As we release our Year in Focus e-book highlighting the best photography from 2014, we ask our experts across the business for their personal selection from the year.
Bette Lynch, Director for News Photography in EMEA discusses some of the big news stories in the region during 2014 and highlights the powerful work of our photographers:
Editor’s note: To read part one of this story, click here
Image by Peter Macdiarmid
Love him or loath him, Nigel Farage has upset the political apple cart. He has elbowed his way onto the political scene and by the time the general election takes place next May, he could well be the kingmaker in any coalition government.
In a world of increasingly “small” politics, leader’s movements are so heavily orchestrated (or often pooled) that there is very little chance to photograph them with any degree of wit and imagination. Think of just how many images you have seen of David Cameron in the latest high vis jacket and hard hat pretending to chat to “ordinary” people.
Nigel Farage has taken on the three main political parties and, at this point, seems to be winning a considerable groundswell of support from right, left and centre. Add to this his high visibility (but no high vis jacket) with the media, his willingness to be open with photographers and his “man of the people” persona is complete. Always with a pint, often with a cigarette, at open town hall meetings, waders on and up to his waste in flood waters, Nigel Farage is giving the media exactly what they want, great pictures.
In these days of the Westminster village being petrified of photographers ruining their leader’s “image,” Farage has given a masterclass on how to use the press to his best advantage with a good old photo op, and if someone chucks an egg at him in the process, so be it. It’s part and parcel of the political process.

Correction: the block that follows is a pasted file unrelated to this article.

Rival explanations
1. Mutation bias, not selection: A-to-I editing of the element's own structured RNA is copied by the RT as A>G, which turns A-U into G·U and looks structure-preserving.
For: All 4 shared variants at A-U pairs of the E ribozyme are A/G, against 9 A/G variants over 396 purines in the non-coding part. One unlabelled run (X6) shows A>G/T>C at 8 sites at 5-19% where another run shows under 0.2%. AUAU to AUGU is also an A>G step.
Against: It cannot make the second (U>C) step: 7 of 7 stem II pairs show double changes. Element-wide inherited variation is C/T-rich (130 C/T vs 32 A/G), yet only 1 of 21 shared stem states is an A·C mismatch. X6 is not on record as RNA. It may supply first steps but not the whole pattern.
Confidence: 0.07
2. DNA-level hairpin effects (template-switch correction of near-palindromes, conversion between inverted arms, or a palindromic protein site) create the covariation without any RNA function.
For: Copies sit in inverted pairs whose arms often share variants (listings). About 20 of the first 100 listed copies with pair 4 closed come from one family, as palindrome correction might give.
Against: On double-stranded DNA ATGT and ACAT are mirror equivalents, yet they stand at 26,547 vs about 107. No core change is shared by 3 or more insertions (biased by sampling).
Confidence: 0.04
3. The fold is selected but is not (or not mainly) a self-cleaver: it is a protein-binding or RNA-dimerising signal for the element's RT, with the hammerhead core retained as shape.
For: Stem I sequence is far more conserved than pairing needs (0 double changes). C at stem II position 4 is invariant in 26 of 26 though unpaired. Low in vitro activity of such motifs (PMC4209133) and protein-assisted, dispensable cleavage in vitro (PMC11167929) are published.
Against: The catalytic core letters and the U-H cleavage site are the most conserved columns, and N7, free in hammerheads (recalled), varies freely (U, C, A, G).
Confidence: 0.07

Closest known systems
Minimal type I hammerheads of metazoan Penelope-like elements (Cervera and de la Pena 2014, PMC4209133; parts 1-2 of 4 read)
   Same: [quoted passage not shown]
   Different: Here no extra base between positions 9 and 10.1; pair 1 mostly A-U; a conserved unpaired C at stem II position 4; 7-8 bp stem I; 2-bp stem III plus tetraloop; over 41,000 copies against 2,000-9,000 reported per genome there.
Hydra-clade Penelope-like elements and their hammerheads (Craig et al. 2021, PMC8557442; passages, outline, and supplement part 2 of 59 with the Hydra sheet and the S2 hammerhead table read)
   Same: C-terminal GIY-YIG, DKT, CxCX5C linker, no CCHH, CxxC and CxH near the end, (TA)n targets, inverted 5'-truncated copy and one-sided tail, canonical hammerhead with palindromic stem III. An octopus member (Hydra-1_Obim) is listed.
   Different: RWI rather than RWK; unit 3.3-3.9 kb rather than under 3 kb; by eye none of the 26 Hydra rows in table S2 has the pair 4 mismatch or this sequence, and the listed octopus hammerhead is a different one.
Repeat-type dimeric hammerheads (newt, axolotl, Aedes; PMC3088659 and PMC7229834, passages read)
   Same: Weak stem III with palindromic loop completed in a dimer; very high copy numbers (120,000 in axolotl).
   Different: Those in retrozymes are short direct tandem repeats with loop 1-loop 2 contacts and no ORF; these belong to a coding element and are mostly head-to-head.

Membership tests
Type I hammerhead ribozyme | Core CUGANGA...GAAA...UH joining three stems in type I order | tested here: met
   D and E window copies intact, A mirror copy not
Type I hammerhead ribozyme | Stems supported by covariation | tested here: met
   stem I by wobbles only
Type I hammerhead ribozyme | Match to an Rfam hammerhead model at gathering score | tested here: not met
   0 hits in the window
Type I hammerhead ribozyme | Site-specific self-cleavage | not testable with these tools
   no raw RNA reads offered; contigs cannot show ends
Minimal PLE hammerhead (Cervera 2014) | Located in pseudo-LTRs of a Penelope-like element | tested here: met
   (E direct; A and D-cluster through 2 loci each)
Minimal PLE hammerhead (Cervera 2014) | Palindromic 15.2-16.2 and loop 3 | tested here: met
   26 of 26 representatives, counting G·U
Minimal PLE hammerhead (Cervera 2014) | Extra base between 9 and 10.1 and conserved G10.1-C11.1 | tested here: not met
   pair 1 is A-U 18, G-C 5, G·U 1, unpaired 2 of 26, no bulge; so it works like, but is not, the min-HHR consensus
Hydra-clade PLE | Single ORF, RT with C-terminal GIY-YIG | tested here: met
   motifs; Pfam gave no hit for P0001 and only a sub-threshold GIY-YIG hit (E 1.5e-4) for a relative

As I say, love him or loath him, by sheer bloody force he has come from nowhere to shake up our political system and next year’s general election.
Image by Dan Kitwood
Another year and the conflict between Israel and Palestine continues. This year saw it take an even bloodier turn with a campaign of rockets and bombings on both sides. Israel’s answer to rockets landing within their territory was to raze Gaza to the ground. There were deaths on both sides, world condemnation for the actions of the Israelis and the Palestinians, ceasefires that were broken and the death of four young children who were playing football on a beach in Gaza.
For now the situation is a little quieter, however we know that could change in an instant and the relationship remains fraught between these two neighbours and peoples.
This picture by Dan Kitwood shows the scale of the destruction, the loss of houses and infrastructure that people need to go about their daily lives. The Palestinian Authority have put the cost of rebuilding Gaza at an estimated £4.7 billion of which the international community have been asked to help fund.
Image by Christopher Furlong
Since our suspicions over Jimmy Saville were largely confirmed, and to some degree went far beyond any of us dared imagine, sexual assault charges and accusations have been made against a bewildering array of stars from stage and screen. Headlines screamed of lurid accusations of sexual abuse and assault made against those who were being questioned but with many charged proclaiming their innocence. Many did eventually see the charges dropped, but some saw their cases go to trial in the full glare of the British media.